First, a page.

Create democratic school cultures!

Create democratic school cultures: Democratic citizenship education

The current turbulent times of military conflicts, socio-economic, energetic, and humanitarian crises, accompanied by the spread of populism, extreme-right and conservative political discourses as well as of neo-liberal policies, fuelling radicalisation, xenophobia, stereotypes and extremist attacks, make democratic citizenship education ever more important. As noted in ETUCE Resolution on ‘Campaigning to enhance the Teaching Profession for Solidarity, Democracy, Equality and Sustainability’ “in times of societal change […] human rights and democratic citizenship education as well as sustainable development are fundamental in educating committed, critical-thinking and active citizens and providing a sense of belonging and opportunities for active participation for all learners, especially for those disadvantaged and marginalised”.

ETUCE believes that education plays a crucial role in preparing open-minded, critical-thinking, reflective and active citizens who care about their society, the world and environment they live in, and future generations. So what are the key elements of such education?

  • Whole-school approach is crucial!

Education institutions need to be supported to become democratic institutions where teachers, students and other members of the school community play an active role in decision-making within their own education institution as recommended by the ETUCE, EFEE and ESHA Joint Statement on Citizenship Education & EU Common Values. To create a positive and democratic school culture, it is essential to embrace collaborative and collegial leadership in education institutions and systems, setting shared goals and working towards their fulfilment.

  • Teachers need training!

Preparing active and responsible citizens through education requires well-trained and sufficiently supported teachers, academics, and other education personnel. However, ETUCE own research (EU CONVINCE project research report) shows that education staff feel unprepared to deliver democratic citizenship education as teaching critical thinking, dealing with controversial and sensitive issues, creating a positive and safe learning environment, and raising awareness about diversity (including diversity of opinions) are not sufficiently addressed in their initial and continuous professional development.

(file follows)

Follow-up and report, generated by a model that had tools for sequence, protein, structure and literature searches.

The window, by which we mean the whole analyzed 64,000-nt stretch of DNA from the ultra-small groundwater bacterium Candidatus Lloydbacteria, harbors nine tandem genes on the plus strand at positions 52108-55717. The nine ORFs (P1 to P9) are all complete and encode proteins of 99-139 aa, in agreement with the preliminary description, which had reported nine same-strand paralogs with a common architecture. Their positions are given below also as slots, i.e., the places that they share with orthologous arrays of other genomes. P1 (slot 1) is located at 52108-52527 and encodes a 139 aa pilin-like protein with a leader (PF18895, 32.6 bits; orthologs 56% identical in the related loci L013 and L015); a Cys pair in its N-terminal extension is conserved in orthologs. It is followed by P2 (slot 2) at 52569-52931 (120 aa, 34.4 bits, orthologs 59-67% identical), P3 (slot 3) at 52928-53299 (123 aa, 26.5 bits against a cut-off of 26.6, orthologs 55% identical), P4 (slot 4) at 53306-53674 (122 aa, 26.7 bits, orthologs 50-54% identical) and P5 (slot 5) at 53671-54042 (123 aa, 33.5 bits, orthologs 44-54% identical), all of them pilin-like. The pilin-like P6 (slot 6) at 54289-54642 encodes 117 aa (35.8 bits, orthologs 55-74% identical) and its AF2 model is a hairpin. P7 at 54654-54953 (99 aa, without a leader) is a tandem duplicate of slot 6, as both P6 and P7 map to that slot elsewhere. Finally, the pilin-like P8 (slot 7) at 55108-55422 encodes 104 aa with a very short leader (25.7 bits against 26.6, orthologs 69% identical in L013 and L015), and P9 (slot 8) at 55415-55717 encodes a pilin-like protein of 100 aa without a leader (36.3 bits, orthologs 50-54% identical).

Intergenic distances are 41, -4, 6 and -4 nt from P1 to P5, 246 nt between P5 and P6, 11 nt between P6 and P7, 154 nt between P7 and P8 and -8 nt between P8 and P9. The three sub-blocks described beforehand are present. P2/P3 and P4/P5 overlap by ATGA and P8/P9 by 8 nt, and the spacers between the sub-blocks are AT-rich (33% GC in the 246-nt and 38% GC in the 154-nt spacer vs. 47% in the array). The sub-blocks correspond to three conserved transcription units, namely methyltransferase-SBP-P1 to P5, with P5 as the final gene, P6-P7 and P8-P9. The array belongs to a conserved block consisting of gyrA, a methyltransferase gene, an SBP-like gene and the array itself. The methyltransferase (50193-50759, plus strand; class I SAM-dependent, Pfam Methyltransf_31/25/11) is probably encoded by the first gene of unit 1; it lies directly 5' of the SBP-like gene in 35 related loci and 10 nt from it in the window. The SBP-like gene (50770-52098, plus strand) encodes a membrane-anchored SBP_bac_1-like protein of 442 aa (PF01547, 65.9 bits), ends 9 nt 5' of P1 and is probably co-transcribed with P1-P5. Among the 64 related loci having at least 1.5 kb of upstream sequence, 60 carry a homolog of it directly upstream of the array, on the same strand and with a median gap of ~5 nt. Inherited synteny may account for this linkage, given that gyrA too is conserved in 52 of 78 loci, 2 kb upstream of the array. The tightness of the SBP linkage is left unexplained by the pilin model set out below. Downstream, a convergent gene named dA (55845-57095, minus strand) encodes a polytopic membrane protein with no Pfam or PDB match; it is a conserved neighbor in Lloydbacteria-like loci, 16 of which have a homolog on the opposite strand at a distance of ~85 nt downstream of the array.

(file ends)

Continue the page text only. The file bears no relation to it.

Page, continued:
• Teachers need materials!

Despite the wide availability of materials regarding citizenship education developed by various international organisations (e.g. Council of Europe), there is a significant lack of research-based clear guidelines, comprehensive curricula, pedagogical approaches, methods and practices, and assessment frameworks for promoting, teaching, and practicing democratic citizenship and a responsible use of new technologies for all teachers, academics, and other education personnel, especially at national, regional and local level. To support its member organisations on this topic, ETUCE has developed a MOOC ‘Citizenship and Human Rights Education for Change’ available for everyone in EN and FR.

  • Allowing the time and space to open the doors of the classroom!

‘Opening the doors of the classroom’ to peer observation and professional discussions, as well as to members of the local community, diverse views and experiences, etc. are one of the greatest tools of democratic citizenship education. Nonetheless, any extra-curricular activities and ‘openings of the classroom’ are difficult to implement in times of teacher shortages and budget cuts in education.

  • Digital citizenship education needs to be promoted more!

Both critical thinking and media literacy together with e-safety are parts of a more complex concept of “digital citizenship”, which encompasses a range of competences that harness the benefits and opportunities of the online world while building resilience to potential harms. Implementation of “digital citizenship” and ensuring that all teachers and learners benefit from digital and ICT development for their teaching and learning requires specific training for education workers, both initial and continuous, and the provision of the necessary public investment for secure, quality, digital infrastructure in education institutions, to bridge the existing the large disparities in degree and relevance in digital access, media literacy, and social contexts across European countries.

ETUCE and its member organisations continue their active work on ensuring that democratic citizenship education in every European country is built on a clear vision of the whole education institution community, based on democratic culture and democratic governance, safe and open learning and teaching environment, dialogue and constructive discussions, respect for the freedoms of opinion and expression, and on participatory approaches among all education actors, including teachers, academics, other education personnel, school leaders, parents, student associations, and other. Young citizens should have opportunities to start practising their acquired social, civic, and intercultural competences in the education institutions and their local communities, to become active and responsible citizens of a future Europe.

To learn more about ETUCE work on democratic citizenship education, please visit the EU CONVINCE project website.